Movember is here! In honour of Movember and its importance in raising awareness and funds for men’s health, Findmypast decided to do our bit for the cause.
We scoured our collection of historic newspapers to source some mo-tivation. Among the millions of newspapers lurk interesting tips, advice and musings on all things moustache, providing some insight into the facial hair fashions of yesteryear – not to mention the styles of mo’ our ancestors may have sported.
Here we present five historically great reasons, in the words of writers from yesteryear, to grow a marvellous moustache. While we can’t guarantee that each argument is medically or even logically sound, we hope the list inspires at least some to donate or don a mo’ for this great cause.
Without any further ado, here are findmypast’s top 5 historic reasons to get mo-ing on a moustache for Movember:
Reason #1: The humble moustache demonstrates virility and manliness
According to an 1894 edition of the Edinburgh Evening News (7 August), the moustache “has a wonderfully powerful effect upon a man’s whole expression”.
To quote: “The idea of virility, spirit and manliness that it conveys is so great that it was a long time the special privilege of officers of the army to wear it, as characteristics of the profession of arms. It has now become general in almost all classes, and is approved on more important grounds than those connected with appearance or good looks.”
We have to agree. Certainly many men sporting mo’s for Movember can relate to the experience of wearing a moustache being for reasons greater than appearance’s sake.
Reason #2: The (supposed) health benefits of moustaches
The same article goes on to argue that a respectable moustache can help protect its wearer from dust, sand, infection and even illness:
“It is a well-known fact that travellers in Syria and Egypt find it expedient, and even necessary, to wait until their moustaches have grown to a sufficient length to defend their mouths against the admission of the burning sands of the desert.
Upon the same principle this appendage would be of service to labourers in all dusty trades, such as millers, bakers, masons &c; to workmen employed in grinding steel and iron, and to travellers on dusty roads, the dust being prevented by this natural respirator from finding its way into the lungs… Numerous other instances are on record of persons susceptible of taking cold and sore throats who have been relieved from that inconvenience by permitting the growth of hair on the upper lip and beneath the chin.
In cases too where those organs are so constantly used as to induce ailment from overwork and susceptibility to injury from sudden changes in the atmosphere as with singers, clergymen, &c, the protection of the beard and moustache is the best means to employ as preventive of such injury.”
There you have it: mo-tection from ill health. While this is perhaps not the most medically sound advice ever given – you may want to consult your healthcare professional before relying on a moustache to protect you from respiratory illness - at least moustaches sported in honour of Movember do make a valued contribution to improving health.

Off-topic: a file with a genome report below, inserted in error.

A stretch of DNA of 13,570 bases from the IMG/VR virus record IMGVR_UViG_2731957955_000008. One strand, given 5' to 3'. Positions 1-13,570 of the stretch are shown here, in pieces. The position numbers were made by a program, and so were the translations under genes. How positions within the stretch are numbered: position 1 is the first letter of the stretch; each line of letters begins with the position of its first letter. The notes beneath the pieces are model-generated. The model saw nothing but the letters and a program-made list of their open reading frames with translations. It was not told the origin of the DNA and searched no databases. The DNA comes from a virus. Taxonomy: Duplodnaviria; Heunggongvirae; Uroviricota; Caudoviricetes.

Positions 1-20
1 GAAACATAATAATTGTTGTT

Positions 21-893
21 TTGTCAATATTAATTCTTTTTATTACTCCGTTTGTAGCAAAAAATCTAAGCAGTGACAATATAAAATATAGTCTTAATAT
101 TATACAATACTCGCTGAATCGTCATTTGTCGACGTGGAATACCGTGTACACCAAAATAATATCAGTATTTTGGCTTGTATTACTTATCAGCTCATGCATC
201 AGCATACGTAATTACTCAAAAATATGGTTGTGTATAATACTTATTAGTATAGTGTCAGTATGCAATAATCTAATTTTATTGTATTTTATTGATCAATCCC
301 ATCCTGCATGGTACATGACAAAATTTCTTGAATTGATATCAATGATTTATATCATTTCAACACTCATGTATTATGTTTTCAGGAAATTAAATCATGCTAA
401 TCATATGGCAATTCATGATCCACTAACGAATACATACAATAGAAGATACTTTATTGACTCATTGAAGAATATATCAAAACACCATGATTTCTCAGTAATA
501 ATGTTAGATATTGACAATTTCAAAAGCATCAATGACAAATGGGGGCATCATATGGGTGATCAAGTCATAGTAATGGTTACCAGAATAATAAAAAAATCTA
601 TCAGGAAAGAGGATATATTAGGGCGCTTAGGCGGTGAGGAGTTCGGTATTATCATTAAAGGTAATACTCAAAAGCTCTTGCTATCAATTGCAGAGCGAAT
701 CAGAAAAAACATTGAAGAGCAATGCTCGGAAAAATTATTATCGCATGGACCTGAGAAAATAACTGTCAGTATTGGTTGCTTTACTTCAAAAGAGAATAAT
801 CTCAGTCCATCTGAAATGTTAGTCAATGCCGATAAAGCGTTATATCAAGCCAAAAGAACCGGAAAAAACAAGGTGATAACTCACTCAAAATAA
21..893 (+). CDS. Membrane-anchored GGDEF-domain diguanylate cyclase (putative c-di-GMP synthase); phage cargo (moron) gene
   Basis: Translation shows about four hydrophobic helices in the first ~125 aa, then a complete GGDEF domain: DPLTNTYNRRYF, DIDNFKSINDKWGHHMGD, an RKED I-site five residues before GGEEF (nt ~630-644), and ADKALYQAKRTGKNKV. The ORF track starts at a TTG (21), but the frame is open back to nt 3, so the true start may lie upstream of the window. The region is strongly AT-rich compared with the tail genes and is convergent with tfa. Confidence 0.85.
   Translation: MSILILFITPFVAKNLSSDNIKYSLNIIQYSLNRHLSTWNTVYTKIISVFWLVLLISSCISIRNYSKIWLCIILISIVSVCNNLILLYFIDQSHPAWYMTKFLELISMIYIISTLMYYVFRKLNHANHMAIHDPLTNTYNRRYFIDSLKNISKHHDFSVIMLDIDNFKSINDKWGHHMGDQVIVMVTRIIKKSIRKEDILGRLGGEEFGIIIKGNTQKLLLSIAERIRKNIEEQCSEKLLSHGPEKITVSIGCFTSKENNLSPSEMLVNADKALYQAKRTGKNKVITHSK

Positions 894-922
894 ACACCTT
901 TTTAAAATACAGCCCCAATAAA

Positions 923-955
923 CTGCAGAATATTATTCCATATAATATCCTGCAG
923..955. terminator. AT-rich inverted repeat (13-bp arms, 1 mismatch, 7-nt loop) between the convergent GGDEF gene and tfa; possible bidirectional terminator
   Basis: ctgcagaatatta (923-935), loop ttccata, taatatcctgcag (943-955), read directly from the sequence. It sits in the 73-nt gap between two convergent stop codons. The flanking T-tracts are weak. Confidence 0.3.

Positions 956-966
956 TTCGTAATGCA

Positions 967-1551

Reason #3: To woo the womenfolk with a luscious mo’
In the Coventry Herald (29 April), we learn that women – at least in 1904 - appeared to love the moustache. Any moustache.
“But there exists a belief that women find some extraordinary fascination in the moustache… Indeed Mr Kipling has stated that (from a girl’s point of view) ‘to kiss a man without a moustache is like eating an egg without salt’” and I fancy that this dictum was in general circulation before the Victorian era.”
Sure, it’s perhaps not one of Kipling’s most poetic analogies. But women and men alike are impressed by the dedication of Movember-inspired moustache-growing.
Reason #4: The sheer variety of moustaches available
As a writer in the Wells Journal (19 May) opined – or should that be mo-pined? – in 1898 there are many moustache styles on the market:
“There are something like eight different ways of training the moustache alone. There is the ‘Albert’, which ends in two elegant circular curls; the Emperor, which is of a captivating and heavy military type; and the Sardinian, which, our young readers must understand, requires quite a profusion of hair; but when you have developed a quantity sufficient for this style you wave it with curling irons and comb and brush it out; this gives you the Sardinian pattern. The latest idea is the ‘Butterfly’ pattern. It is butterfly shaped, the solidly compact arrangement in the centre representing the body, and the ends the wings. These are brushed out in a fringe, each hair of which is distinct, and this fringe takes an upward direction and rests on the cheek. The effect is said to be unique.”
Butterfly or Albert, pencil thin or handlebar, the dizzying variety of moustache styles means there’s sure to be one to suit every fellow and flatter every face.
Reason #5: Moustaches boost self-confidence
Our next attempt at moustachely persuasion dates from 1935 - well after the heyday of handlebars and other mo’ varieties – when the well-known writer KRG Browne declared in the Lincolnshire Echo (26 September) that moustaches can help you “gain in dignity and self-confidence thereby”.
Writing about an International Moustache (and Beard) club recently founded in Japan, Browne duly noted:
“With beards we are not at the moment concerned, for these take time to grow and undoubtedly harbour moths, etc. All beauty-lovers, however, must welcome this attempt to put the moustache back on its feet and restore it to its former high position – immediately south of the nose – in the masculine scheme of things.”
We concur, KRG Browne. And what better time to restore the mo to its former glory than Movember?